The three weeks when the Baltimore Ravens typically train in Westminster is a time for this Carroll County city to revive itself from the dog days of summer and get ready for the return of students to McDaniel College.
But these days the downtown area is devoid of many people — and most shades of purple — as the team opted to train at its in-season facility in Owings Mills because of the uncertainty surrounding the NFL lockout that ended last week after more than 100 days.
Though lifelong resident and first-term mayor Kevin Utz can't put an exact dollar figure on the loss of revenue due to the team's absence, he said Sunday that restaurants whose clientele came strictly to watch their favorite NFL team practice could lose between "10 and 20 percent" of their expected revenue and the Best Western hotel where the Ravens housed their players and coaches would likely be affected even more.
"It's significant," said Utz, a former Maryland State Trooper who now works in his daughter's real estate company.
Utz said the recognition that came with the city's affiliation with the Ravens was nearly as important and would also be missed.
"The sportscasters would say they were in Westminster and our website would get a lot of Google hits with people wanting to know, 'Where's that?'" Utz said.
Despite the team not being there for the first time since its inception in 1996, Utz said that the tradition of "painting the town purple" will continue later this month by replacing American and Maryland flags with Ravens flags,
At Rafael's, a restaurant on West Main Street, a handful of customers ate lunch or sipped on a beer as the Orioles-Yankees game played on the flat screen television behind the bar. Chris Ruby, the manager, said that "we don't have the foot traffic we normally have" when the Ravens are in town. The restaurant also hosts a local fan club, the Ravens Roost, during the season.
Ruby recalled how when some of the players, including Jarret Johnson, recently departed Kelly Gregg or even Joe Flacco, came in for dinner during training camp, word would spread and suddenly a quiet night became a busy one.
"We would go from nearly empty to completely full in minutes," Ruby said.
But not this summer.
Gordon Brauning, who everyone in town knows as Geno, said he used to go to training camp every day the team was there practicing, but doubted that he would make the trek to Baltimore when the Ravens open up their workout to the public Saturday at M&T Bank Stadium.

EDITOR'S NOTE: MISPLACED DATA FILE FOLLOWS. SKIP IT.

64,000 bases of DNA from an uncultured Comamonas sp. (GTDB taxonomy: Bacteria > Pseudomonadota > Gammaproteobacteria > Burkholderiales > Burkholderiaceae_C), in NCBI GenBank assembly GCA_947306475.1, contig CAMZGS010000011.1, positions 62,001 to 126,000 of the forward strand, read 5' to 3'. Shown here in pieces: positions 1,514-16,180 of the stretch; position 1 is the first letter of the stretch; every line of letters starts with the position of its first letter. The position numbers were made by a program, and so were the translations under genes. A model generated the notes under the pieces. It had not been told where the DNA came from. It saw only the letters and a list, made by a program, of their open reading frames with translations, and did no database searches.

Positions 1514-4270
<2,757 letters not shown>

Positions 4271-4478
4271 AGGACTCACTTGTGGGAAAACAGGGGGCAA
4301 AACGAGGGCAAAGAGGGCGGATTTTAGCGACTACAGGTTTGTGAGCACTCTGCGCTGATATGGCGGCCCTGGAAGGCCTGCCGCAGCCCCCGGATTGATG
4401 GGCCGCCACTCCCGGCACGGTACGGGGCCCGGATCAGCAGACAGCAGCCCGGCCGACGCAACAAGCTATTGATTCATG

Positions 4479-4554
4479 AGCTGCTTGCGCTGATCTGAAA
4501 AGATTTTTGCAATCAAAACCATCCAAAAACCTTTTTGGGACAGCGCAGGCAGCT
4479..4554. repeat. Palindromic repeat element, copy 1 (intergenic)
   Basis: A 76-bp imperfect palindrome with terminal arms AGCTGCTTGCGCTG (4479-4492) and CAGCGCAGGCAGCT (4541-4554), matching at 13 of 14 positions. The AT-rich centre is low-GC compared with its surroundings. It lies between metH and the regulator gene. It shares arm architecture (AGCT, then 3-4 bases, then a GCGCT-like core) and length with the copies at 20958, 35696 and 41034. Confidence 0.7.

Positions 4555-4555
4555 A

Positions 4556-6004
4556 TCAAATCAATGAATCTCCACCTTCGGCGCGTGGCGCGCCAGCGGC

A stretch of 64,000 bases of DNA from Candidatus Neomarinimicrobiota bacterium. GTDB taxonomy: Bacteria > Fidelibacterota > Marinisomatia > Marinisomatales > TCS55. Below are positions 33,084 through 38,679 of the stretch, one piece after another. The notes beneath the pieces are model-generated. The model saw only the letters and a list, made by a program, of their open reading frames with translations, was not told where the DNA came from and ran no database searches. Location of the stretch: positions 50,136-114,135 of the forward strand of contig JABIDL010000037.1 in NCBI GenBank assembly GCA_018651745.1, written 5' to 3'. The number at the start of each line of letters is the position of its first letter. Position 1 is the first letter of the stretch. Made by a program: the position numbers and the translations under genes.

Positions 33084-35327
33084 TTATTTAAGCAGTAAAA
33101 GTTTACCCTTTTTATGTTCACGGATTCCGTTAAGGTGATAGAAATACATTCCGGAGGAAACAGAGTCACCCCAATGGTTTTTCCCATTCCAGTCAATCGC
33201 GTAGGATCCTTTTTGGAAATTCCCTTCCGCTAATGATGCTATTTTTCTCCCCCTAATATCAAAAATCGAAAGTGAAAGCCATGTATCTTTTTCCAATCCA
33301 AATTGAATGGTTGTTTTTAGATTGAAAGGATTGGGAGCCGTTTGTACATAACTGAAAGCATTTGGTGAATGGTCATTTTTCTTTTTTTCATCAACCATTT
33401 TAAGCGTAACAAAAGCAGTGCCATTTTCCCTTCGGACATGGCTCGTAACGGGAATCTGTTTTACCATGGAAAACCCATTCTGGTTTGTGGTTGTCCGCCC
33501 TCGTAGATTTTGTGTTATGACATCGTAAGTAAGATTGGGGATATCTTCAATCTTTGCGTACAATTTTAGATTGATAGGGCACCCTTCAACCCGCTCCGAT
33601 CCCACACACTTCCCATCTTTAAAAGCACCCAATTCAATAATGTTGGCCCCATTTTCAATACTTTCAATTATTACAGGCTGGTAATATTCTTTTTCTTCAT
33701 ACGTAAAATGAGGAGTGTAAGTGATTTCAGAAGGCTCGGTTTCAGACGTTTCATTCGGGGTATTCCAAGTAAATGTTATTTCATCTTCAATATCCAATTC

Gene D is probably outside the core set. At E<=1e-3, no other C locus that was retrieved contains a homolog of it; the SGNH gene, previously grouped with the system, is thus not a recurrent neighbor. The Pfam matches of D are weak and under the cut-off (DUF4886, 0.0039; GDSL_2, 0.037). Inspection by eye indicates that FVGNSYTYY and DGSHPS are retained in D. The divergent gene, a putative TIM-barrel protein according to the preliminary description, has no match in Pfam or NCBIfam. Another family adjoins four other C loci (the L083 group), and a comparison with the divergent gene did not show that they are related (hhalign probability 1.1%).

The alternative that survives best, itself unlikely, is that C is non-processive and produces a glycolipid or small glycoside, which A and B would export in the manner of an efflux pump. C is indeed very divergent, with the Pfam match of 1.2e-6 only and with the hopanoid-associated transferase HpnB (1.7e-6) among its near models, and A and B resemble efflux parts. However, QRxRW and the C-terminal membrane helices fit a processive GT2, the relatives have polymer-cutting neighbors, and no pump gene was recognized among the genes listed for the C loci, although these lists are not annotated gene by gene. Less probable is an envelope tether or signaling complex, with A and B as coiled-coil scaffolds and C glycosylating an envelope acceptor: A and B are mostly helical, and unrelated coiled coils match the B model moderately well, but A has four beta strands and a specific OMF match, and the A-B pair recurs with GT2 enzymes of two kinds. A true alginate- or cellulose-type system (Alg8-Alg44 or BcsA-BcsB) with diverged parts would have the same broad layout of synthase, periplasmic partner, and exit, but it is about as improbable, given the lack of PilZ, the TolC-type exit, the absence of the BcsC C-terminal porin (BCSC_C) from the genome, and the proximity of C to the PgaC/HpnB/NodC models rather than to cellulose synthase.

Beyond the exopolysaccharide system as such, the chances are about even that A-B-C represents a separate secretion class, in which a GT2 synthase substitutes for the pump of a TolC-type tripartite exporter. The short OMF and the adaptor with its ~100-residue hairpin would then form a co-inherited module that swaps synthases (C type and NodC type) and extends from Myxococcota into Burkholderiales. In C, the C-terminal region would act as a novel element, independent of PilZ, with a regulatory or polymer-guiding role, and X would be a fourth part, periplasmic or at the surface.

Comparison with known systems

As the maintenance man at Johansson's, another popular Westminster restaurant, Brauning admits that there is a benefit to the Ravens not being around.
"I get more work done," he said, half-joking.
Not all of the local bars and restaurants within a long punt of the McDaniel College practice fields were quiet Sunday.
Baugher's, the 63-year old landmark restaurant that typically attracts many more locals than visitors, was jammed in the early afternoon. For a few minutes before 2 p.m., the line went out the door and into the parking lot.
Harold Stultz, the general manager of the restaurant for 11 years, said that there was barely any increase in the number of usual 5,000 to 6,000 customers a week when the Ravens were in training.
"I think it came to something like 27 more customers a week," said Stultz.
In fact, Stultz used to get complaints from some of the restaurant's longtime patrons that Ravens fans would fill up the parking lot and then walk over to the college. The parking lot was filled Sunday, but not a single one had a Ravens flag attached. The regulars were back to their routine.
The Best Western had a sign at its front desk advertising the fact that Ravens' training camp was canceled and rooms were available; the same information was posted recently on the display outside. A desk clerk who declined to give her name said that the 101-room hotel was about half filled.
Ruby, the manager at Rafael's, said that not everyone received the news of the Ravens moving their training camp away from Westminster.
"I had a few people ask me earlier today where the Ravens were training [in Westminster] and I told them they were in Owings Mills," he said.
Told that practice is closed there to the general public, and that the Ravens had Sunday off, Ruby realized that he had unwittingly given out bad information.
"I gave her good directions," he said.Copyright © 2014, The Baltimore Sun